World Bipolar Day aims to raise awareness around the conversation of bipolar disorder. “Bipolar” is a word often used loosely amongst friends in reference to those who are “moody”. But just how can you differentiate between mood swings, and the need to seek professional support? Let’s find out.
What Is Bipolar Disorder?
Bipolar disorder (once clinically referred to as manic depression) is a mental health condition that causes extreme mood changes along with energy and activity levels, these mood changes can change quickly and is referred to as rapid cycling. These can cause the person to struggle with daily activities. The most common types of bipolar disorder include:
- Bipolar I disorder
- Bipolar II disorder
- Cyclothymic disorder
Who is Mostly Affected by Bipolar Disorder?
Contrary to misconceptions, bipolar disorder can affect both men and women alike. Neither sex is likely to be more affected than the other, however, rapid cycling is more likely to occur in women.
How is Bipolar Disorder Diagnosed?
In order to make a bipolar disorder diagnosis, the individual would need to be referred to a psychiatrist, usually by their GP. During the diagnostic process, the psychiatrist will ask a series of questions about how you’re feeling, your symptoms and how long you have been experiencing them for.It is also particularly important for the psychiatrist to know your medical history, family history and whether any family members have the disorder.
Depending on the symptoms you might be asked to do a test to check your thyroid and to rule out any physical concerns.
If you do have bipolar disorder you will have regular appointments with your GP and psychiatrist to work together on the best treatment plan for you.
Why is Bipolar Disorder Difficult to Diagnose?
Approximately half the people with bipolar disorder see three different mental health professionals before getting a correct diagnosis. The difficulty that comes with diagnosing bipolar disorder is that some of the symptoms mimic other health conditions.
Depressive episodes can often be diagnosed as depression, however, this does not involve mood swings and does not show signs of mania. This can become additionally complex when individuals with bipolar have manic episodes during their depression, referred to as a “mixed episode”. Depression is commonly treated with talking therapy, and antidepressant drugs which can bring on mania, so it is very important individuals are diagnosed correctly.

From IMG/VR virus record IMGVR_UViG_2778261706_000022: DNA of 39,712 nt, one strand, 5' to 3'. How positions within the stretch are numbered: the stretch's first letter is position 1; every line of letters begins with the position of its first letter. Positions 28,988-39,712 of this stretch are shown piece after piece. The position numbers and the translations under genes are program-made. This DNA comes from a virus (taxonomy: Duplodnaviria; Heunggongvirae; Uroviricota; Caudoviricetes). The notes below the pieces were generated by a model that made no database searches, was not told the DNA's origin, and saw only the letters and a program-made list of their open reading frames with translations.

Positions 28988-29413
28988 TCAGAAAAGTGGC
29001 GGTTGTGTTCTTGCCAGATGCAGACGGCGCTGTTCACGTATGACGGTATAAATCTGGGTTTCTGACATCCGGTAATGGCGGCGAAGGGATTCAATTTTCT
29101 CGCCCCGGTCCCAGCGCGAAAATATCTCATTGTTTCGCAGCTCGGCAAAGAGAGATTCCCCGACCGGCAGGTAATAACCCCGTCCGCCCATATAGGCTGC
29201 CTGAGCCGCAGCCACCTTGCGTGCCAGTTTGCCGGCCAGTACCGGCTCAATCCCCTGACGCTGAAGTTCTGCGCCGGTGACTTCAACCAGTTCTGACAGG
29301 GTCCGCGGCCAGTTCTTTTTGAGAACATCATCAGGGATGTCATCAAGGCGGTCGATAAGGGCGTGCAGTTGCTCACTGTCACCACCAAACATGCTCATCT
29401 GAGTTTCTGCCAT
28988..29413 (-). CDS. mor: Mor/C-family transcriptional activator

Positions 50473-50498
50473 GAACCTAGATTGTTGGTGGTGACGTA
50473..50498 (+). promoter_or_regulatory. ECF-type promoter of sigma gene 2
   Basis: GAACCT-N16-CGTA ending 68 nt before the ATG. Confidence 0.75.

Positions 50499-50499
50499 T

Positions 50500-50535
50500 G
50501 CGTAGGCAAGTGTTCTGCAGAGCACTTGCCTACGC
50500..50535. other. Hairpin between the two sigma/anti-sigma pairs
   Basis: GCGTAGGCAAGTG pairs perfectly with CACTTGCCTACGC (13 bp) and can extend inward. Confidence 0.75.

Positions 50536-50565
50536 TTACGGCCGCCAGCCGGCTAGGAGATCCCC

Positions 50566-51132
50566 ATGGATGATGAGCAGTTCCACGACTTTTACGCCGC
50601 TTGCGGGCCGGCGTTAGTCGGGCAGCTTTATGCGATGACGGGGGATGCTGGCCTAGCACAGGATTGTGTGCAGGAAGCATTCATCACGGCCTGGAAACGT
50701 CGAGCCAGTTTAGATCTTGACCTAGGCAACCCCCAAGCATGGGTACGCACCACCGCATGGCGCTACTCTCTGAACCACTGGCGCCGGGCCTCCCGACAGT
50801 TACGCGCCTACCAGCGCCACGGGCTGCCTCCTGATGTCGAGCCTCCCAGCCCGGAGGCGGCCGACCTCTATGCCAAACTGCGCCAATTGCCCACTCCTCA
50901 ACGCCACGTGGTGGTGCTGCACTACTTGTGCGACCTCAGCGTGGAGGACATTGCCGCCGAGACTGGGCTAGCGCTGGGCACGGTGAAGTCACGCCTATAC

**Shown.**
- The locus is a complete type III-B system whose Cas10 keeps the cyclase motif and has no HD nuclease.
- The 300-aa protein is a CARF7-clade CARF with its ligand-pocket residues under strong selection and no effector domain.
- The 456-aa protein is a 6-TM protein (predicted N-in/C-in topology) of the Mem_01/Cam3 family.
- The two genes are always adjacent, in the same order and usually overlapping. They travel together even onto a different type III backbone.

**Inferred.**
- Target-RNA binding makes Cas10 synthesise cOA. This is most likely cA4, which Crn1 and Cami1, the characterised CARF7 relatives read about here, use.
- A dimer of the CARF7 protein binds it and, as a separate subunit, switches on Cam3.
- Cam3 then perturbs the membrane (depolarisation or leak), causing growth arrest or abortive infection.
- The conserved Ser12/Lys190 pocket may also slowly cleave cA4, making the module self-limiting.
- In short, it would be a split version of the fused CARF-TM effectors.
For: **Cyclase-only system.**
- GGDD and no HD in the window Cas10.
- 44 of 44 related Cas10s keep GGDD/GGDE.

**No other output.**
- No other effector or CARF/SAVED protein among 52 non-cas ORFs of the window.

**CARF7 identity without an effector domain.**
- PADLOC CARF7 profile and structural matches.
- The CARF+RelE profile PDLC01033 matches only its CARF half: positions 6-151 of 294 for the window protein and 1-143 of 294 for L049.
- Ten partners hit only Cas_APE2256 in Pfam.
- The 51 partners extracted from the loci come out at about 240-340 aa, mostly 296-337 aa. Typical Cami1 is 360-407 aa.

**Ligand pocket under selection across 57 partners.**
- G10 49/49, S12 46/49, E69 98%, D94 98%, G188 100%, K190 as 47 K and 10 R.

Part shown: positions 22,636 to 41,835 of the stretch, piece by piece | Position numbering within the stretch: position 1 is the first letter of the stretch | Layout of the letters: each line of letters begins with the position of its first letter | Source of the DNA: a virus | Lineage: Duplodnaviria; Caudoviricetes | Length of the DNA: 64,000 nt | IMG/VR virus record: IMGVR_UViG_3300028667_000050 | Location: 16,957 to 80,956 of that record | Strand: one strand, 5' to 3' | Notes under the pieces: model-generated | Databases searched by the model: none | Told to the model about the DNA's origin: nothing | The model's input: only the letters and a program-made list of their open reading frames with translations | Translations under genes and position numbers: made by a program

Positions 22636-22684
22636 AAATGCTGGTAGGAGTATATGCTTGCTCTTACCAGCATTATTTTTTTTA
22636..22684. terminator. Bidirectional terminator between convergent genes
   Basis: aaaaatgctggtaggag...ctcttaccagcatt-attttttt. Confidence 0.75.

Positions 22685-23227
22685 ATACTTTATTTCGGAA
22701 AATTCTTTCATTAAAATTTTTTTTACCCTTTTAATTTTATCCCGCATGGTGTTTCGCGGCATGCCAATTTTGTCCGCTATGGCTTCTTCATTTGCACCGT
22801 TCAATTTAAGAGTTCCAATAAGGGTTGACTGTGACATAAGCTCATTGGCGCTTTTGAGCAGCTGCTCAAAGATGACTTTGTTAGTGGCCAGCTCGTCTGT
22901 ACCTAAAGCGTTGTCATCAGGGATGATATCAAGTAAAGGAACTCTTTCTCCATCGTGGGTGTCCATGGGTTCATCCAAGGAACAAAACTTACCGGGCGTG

Anxiety disorders can also be mistaken for bipolar disorders, as they too mimic similar symptoms. Like depression, anxiety is treated in the same way, through talking therapy and antidepressants or antianxiety drugs.
Bipolar disorders can also be misdiagnosed with more severe mental health illnesses such as schizophrenia. Schizophrenia often presents itself with hallucinations and psychosis which happens in the early stages of bipolar disorder.
ADHD (attention deficit hyperactivity disorder) is far more common in children than bipolar disorder, the outbursts of a child can often be diagnosed as ADHD but they may be the start of bipolar disorder. Common treatments of ADHD are often prescription stimulants that can exacerbate mania in those with bipolar disorder.
Bipolar disorders can also be mistaken in those with drug or alcohol addiction. If manic episodes are frequently occurring without the use of substances it could well be that the individual is suffering with bipolar disorder.
Therefore, appropriate assessment with a psychiatrist is key, they will be able to distinguish between these other diagnoses and provide a correct one.
Can Someone Live a “Normal” Life With Bipolar Disorder?
Yes! Whilst the condition is lifelong, individuals with bipolar disorder can have a family and work, and live a normal life if the illness is treated properly. Whilst there is no cure for bipolar disorder, fortunately, due to the range of medications available for those living with bipolar disorder, the outlook for most is that of a positive one. Symptoms are manageable and it is down to the individual to work with their psychiatrist and their loved ones to best support themselves.
How To Support Someone With Bipolar Disorder
The more you know about bipolar disorder the stronger position you’re in to be able to help someone who has the illness. It is particularly important a loved one understands someone’s symptoms as well as the warning signs of a manic or depressive episode and how to prepare for them.